it was a sunny day, but we were cautious, since the weather forecast was not quite the best -> it was supposed to rain in the afternoon.. but we still didn’t want to miss the chance to climb the cradle mountain.

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the start was quite easy, track was boardwalked for much of the way.. and there were a lot of people around. since aussies are very friendly people, we chatted away with a lot of them. one lady was so nice to offer to take picture of us. it is not maybe the best picture, but it’s the only one we have from cradle mountain.

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so, we went on.. all this while we admired the lovely scenery.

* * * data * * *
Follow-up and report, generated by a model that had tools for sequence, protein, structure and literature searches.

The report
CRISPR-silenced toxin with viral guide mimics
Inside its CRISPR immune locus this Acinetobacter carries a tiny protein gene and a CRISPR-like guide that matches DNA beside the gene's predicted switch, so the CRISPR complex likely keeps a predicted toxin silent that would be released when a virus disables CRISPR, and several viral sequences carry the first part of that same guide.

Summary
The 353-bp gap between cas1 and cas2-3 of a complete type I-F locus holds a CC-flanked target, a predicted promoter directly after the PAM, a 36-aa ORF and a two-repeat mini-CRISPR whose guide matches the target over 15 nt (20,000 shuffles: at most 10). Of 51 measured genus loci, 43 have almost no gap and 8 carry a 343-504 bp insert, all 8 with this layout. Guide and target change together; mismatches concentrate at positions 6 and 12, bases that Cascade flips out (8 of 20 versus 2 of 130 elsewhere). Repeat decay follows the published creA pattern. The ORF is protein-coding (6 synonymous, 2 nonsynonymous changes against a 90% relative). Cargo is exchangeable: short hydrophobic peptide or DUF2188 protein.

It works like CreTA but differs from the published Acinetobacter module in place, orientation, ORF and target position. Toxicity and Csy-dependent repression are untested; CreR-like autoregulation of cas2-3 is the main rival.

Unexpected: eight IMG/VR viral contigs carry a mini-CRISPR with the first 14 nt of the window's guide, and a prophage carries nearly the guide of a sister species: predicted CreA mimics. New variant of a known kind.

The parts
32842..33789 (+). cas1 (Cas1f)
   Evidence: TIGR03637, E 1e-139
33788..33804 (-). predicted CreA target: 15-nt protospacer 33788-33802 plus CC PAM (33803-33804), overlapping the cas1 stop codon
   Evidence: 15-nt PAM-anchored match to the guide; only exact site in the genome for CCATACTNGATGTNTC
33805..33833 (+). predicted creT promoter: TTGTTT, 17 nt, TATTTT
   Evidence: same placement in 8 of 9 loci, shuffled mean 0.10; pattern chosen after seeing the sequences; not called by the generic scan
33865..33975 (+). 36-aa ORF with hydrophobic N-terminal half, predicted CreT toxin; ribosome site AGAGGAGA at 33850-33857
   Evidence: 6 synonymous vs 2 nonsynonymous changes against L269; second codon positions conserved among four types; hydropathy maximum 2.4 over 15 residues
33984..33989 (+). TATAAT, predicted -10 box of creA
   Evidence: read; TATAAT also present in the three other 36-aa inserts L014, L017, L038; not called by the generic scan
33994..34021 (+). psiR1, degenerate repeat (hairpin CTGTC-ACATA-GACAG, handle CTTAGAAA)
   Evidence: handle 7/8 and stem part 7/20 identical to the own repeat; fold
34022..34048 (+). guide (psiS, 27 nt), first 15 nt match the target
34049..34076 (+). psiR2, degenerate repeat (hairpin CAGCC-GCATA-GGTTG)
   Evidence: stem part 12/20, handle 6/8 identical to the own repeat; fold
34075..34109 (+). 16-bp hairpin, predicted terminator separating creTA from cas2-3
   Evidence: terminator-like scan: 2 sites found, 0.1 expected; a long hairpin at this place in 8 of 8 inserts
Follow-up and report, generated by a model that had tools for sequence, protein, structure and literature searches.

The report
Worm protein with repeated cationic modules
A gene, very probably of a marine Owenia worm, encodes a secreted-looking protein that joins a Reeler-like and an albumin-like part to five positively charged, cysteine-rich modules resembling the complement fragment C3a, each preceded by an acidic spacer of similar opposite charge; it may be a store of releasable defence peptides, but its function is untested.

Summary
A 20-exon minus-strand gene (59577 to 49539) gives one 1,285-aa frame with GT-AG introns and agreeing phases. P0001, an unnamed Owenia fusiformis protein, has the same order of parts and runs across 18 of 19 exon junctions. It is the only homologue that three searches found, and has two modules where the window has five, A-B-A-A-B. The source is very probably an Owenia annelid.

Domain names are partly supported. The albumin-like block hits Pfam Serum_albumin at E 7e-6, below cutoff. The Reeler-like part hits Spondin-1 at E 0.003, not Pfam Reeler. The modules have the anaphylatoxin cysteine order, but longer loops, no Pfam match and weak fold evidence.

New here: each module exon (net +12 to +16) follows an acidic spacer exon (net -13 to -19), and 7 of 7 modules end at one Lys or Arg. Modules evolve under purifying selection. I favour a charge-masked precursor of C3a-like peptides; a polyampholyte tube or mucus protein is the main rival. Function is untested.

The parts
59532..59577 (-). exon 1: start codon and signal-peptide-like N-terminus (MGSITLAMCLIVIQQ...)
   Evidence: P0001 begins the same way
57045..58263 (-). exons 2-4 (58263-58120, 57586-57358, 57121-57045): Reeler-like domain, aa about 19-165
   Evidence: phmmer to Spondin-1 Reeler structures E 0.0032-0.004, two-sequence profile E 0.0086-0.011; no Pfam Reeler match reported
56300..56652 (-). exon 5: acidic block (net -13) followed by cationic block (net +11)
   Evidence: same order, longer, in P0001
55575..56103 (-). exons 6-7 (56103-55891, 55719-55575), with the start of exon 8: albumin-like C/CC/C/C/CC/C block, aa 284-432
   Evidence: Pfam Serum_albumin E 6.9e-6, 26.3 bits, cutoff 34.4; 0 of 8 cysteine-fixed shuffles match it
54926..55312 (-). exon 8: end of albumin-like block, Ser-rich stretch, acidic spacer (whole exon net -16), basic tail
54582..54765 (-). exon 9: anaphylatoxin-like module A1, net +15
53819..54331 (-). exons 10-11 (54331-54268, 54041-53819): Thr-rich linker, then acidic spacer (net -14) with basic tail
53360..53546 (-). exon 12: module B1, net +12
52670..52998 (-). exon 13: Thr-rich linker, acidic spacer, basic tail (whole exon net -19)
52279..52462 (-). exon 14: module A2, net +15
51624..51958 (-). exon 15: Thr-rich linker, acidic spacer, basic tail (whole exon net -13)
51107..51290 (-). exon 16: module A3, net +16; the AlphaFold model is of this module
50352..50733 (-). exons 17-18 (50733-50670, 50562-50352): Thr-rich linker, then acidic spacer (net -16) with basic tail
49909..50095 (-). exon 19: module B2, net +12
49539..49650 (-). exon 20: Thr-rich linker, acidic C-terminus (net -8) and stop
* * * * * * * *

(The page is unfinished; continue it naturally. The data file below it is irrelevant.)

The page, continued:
however, out road soon turned to be rocky. and i mean – really rocky!
fortunately it was a granite rock and it was not very slippery.. but still, i started feeling a bit uneasy.

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when we were 60-70m below its highest peak, i decided i can’t continue. it already started raining, the rock was getting a bit slippery and people were going crazy a bit.. and i was simply too scared to go on. i found a cosy spot and waited for tarik, who went all the way to the top.
he managed to find a nice fellow who took a picture of him, on the highest peak of the cradle mountain.

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after an hour or so, tarik returned and we started our descent. now it was raining really heavily and we started rushing back to our car. on the way there he was telling me his impressions from the summit and was completely mesmerized by cradle mountain. well, who wouldn’t be..